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Old 07-17-2003, 01:06 PM   #1
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Questions Resulting from First Big Trip...

We returned Sunday from a 2500 mile trip to Black Hills, Yellowstone, and Grand Teton and I have a few questions for the group...

- When running the EU2000i generator to charge up the battery... how do I know when the battery is charged up? The status lights in the trailer seem too general (12v, 11v, 10 v).
- What should I use to lug water to the trailer and pour into the tank? Is there a collapsable water jug of about 5 gallons?
- Gusting cross winds across North Dakota made for a long day. Is such buffeting normal or is there a miracle cure?
- Some heaved sections of road gave that bucking bronco feeling, with a rythm that matched the car/trailer resonant frequency causing some annoying bobbing. Anyone run into this? Solution (other than find a better section of road).

I learned:

- That my gas mileage heading into a light wind at 70+ mph was terrible. At 60 mph it improved about 25-30%.
- Don't bring my 15 yo stepdaughter on a trailer trip (are we there yet, I'm bored, when are we going home...) although her friend was delightfull. I'm about ready to trade
- On-board water and black/gray tanks with four people lasts 2 days, battery lasts 1 day.
- The Explorer tow rating has a footnote that I discovered while skimming the manual - it is reduced ~2% for every 1000 ft of altitude. So how do you accomplish this in the real world? Okay - I know this is coming... toss out stepdaughter! Actually the Explorer did okay on 9,000+ ft passes - with a couple slow climbs at 30-40 mph.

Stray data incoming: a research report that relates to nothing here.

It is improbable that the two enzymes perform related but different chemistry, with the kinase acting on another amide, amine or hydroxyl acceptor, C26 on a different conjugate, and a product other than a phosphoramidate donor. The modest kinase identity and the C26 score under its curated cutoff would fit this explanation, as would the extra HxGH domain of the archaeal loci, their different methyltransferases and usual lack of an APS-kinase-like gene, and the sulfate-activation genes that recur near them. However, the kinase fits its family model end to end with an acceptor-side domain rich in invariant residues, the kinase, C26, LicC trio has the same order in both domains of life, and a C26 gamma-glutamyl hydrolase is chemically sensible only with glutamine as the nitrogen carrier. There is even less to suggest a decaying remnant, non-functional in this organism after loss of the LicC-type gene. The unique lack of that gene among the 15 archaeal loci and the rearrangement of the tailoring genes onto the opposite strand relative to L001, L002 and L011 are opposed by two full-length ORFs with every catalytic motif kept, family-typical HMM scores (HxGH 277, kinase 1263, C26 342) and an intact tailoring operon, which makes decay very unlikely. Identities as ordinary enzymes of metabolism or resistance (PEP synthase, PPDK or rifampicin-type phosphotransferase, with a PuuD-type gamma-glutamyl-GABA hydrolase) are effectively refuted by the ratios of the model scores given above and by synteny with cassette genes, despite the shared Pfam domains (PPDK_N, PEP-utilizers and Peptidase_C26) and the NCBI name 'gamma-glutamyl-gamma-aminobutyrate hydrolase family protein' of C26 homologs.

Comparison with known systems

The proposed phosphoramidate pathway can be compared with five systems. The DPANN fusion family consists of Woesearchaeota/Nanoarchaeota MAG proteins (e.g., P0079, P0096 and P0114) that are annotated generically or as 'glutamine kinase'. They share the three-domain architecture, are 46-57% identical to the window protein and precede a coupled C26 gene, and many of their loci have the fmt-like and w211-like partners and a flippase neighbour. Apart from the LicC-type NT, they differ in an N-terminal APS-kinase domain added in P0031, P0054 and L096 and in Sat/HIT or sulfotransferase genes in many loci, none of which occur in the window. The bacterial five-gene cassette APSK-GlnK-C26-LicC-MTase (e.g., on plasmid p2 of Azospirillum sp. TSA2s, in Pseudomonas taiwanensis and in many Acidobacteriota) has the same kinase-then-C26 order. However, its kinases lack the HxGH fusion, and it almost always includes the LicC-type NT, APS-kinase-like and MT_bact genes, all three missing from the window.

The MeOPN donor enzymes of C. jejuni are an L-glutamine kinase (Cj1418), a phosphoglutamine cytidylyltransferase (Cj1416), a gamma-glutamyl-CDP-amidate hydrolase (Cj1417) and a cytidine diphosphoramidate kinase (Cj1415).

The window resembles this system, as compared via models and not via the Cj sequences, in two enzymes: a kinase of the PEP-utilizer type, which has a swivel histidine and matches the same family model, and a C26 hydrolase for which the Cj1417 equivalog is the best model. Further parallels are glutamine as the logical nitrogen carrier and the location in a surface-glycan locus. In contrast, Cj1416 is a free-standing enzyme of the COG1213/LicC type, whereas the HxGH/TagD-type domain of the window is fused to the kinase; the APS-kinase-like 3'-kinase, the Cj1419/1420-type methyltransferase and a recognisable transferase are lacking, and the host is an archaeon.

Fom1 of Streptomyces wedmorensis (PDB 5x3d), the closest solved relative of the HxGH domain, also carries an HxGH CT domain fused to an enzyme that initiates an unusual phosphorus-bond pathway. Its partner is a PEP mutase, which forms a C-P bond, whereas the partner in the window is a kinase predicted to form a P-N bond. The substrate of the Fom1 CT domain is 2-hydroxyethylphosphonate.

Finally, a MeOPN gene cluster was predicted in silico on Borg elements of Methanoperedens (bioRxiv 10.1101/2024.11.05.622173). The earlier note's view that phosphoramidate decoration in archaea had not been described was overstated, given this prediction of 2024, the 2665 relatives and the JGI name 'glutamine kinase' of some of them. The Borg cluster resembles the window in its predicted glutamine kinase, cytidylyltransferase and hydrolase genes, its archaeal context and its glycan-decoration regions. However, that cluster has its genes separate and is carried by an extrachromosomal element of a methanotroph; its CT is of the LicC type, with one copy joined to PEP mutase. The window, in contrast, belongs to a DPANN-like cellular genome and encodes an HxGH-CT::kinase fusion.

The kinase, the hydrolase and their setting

- I have a million bugs to clean off the front of the trailer. I Walbernized the front twice before I left so I will soon see how stuck they are!
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Old 07-17-2003, 01:31 PM   #2
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Nice trip (lose the teenager). Yes there are collapsable water jugs, check with Camping World. We usually carry a one or two 2.5 gallon drinking water jugs from the market and use this for all drinking, cooking, coffee. Helps to make the fresh water tank last longer.

I run my Honda 2000 connected to the trailer umbilical cord about 2 to 3 hours, which seems to fully charge the battery while we are fixing dinner, listening to music, playing cards, etc. You can get meters from Camping World or Radio Shack which can tell you when the battery is fully charged, but I've not found a need to be that exacting.
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Old 07-17-2003, 01:33 PM   #3
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5 gallon jug

Yes, there are collapsable 5 gallon jugs and 2 gallon jugs that I know of. The one I have has a spigot built into the cap. Gets a bit heavy while fillling the tank. I cut a piece of hose to extend the snout on the faucet so it all goes into the tank.

Best thing on a bucking section of road is to try a speed change to get away from the natural frequency of the vehicles suspensions.

You are going to feel crosswind gusts, although my truck with trailer is more stable than the truck alone.
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Old 07-17-2003, 03:15 PM   #4
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1st Big Trip...

dmac:

I have not tried the collapsable containers - have have always questioned their durability (we are not easy on equipment). I have used 2 x 5 gal blue poly tanks to haul water along and have had success with this. You should be able to get them at Wal-mart or Target. They resemble the gas cans you see on the back of an army issue jeep (somewhat rectangular and about 4-5" wide) and they come with a pour spout that is housed in the cap. Easy to pour into the water intake on the side of the trailer althgough a bit heavy (40lbs) at first.

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Old 07-17-2003, 03:21 PM   #5
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Collapsible containers

I have had good luck with them; I think the ones I have are at least 12 years old and they have been from coast to coast and Wisconsin to Mexico. I used them to augment my 10-gallon fresh water tank for the 5-day train trip at Copper Canyon. They are pretty tough material asn have held up well.